Trump Closes Door to New DACA Applicants in Defiance of Supreme Court Ruling
“It is unconscionable for the Trump administration to circumvent the rulings of a federal court in order to once again thrust into uncertainty the families and communities who rely on DACA to stay together and for protection from unjust deportations.”
The Trump administration announced it will close the door on new DACA applicants and limit the program length for current immigrants, The Associated Press reported Tuesday. The Deferred Action for Childhood Arrivals program has served as an opportunity for migrant children to form a life in the US without fear of deportation.
Another Attempt to Kill DACA
In June, the Supreme Court upheld the program, which President Donald Trump has tried to cancel since since taking office. DACA became a banner issue in Trump’s campaign against immigration. The program was created by his predecessor in 2012 and currently, 650,000 immigrants are shielded by it, Astrid Galvin wrote for The Associated Press.
Trump’s decision to close the door on new DACA applicants is part of broader review of the situation, NBC News reported. Trump spoke of his decision during a press conference Tuesday afternoon.
“[The Supreme Court] decision was an interesting decision because it gave the president, as a president, more power than many people thought the president had,” Trump said.
The court ruling did not grant the president more power that are not already afforded to the office. It did, however, establish that Trump can in fact end DACA, but Trump must provide a better justification for doing so.
Following the Supreme Court ruling, which Trump called “politically charged,” the US District Court for the District of Maryland ordered the Trump administration to resume accepting new applications. By issuing new guidelines to reject new applications, the White House is in defiance of the Supreme Court and the July 17 ruling in Maryland, NPR reported.
“It is unconscionable for the Trump administration to circumvent the rulings of a federal court in order to once again thrust into uncertainty the families and communities who rely on DACA to stay together and for protection from unjust deportations,” said Vanessa Esparza-Lopez, an attorney at the National Immigrant Justice Center in Chicago.
The Trump administration has argued DACA represents a national security threat and that the program was illegally created by former President Barack Obama. The president said he would work to create a new immigration law, but stopped short of offering particulars. Republicans and Democrats have tried to pass immigration reform legislation previously, but the two factions have failed to reach a compromise in regard to DACA and and enforcement measures, The Associated Press reported.
“We are going to make DACA happy and the DACA people and representatives happy, and we’re also going to end up with a fantastic merit-based immigration system,” Trump said.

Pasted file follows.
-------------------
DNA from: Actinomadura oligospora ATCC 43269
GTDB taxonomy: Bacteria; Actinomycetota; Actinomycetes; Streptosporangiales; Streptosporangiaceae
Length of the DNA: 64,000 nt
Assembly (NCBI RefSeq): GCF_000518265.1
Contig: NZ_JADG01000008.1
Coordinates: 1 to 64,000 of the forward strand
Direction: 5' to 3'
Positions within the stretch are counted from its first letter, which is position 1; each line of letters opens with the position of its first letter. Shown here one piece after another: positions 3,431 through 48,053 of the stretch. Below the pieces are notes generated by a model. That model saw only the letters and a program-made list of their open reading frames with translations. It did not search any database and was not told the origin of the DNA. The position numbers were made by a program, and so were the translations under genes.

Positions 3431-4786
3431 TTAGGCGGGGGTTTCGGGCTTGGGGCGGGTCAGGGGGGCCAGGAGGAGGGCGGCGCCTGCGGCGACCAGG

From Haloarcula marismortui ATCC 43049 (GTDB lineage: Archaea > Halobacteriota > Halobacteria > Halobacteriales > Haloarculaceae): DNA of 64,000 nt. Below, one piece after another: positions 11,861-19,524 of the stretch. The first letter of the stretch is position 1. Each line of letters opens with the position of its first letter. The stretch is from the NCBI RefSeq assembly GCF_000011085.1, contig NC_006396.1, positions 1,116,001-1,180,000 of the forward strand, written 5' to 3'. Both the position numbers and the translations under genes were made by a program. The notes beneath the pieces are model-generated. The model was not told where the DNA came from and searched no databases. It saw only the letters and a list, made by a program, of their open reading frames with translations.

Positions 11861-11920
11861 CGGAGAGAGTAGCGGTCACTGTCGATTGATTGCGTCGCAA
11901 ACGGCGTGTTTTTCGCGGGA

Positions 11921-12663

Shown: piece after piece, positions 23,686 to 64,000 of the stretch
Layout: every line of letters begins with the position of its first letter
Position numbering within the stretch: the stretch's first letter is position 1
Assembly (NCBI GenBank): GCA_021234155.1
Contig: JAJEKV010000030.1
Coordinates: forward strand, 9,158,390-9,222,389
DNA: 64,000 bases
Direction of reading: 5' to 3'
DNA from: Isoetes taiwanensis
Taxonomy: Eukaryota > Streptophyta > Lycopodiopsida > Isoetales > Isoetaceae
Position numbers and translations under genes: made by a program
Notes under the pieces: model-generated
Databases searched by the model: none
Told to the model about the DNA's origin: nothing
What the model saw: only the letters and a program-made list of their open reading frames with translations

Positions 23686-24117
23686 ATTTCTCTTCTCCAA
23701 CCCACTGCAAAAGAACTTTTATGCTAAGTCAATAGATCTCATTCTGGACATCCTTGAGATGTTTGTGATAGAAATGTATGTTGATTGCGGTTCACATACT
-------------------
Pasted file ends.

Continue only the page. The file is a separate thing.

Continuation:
For now, DACA proponents have to deal with the fact that the administration refuses to comply with court orders. A Department of Homeland Security memo dated July 28 spells out the policy change and cites the Supreme Court decision as empowering the DHS to make another attempt to close the door on new DACA applicants.
“On June 18, 2020, the US Supreme Court issued a decision that did not question the authority of the Department of Homeland Security (DHS) to rescind the DACA policy,” but that it did not follow proper guidelines, wrote Acting Homeland Secretary Chad Wolf in the memo. “Accordingly, the Court concluded that the recission [sic] must be vacated and remanded to DHS so that ‘it may consider the problem anew.’”
Wolf outlined several changes effective immediately, including the rejection of all first-time DACA applications and the limitation of renewals to one year.
“In accordance with the Supreme Court’s decision, I am determined to give careful consideration to whether the DACA policy should be maintained, rescinded, or modified,” Wolf wrote. “In the meantime, given my serious concerns about the policy, I have determined that some changes should immediately be made to the policy to limit its scope in the interim.”
Trump’s decision to close the door on new DACA applicants represents his latest attempt to curb immigration, both legal and illegal. In April, he used the COVID-19 pandemic as justification to temporarily suspend immigration. Although the Supreme Court ruled against Trump on DACA, it did not find the action unconditional. Furthermore, the Court upheld Trump’s ‘wealth tax’ for immigration in January.
Removing access to DACA, however, could play out differently because support for the program transcends party lines, Galvin wrote. Consequently, legal experts did not expect another attempt to end DACA before the election.
“With the presidential election just three months away, it’s clear the president will do everything possible to rally his supporters at the expense of Dreamers,” said Sen. Dianne Feinstein, D–Cali.“They shouldn’t have to live under the constant fear that DACA protections will be ripped away at any moment.”
Immigration was a tentpole of Trump’s 2016 campaign as Trump called undocumented Mexicans “rapists” and “animals,” and tried to build a border wall at Mexico’s expense. Eventually, the administration transferred money from the military to fund segments of it.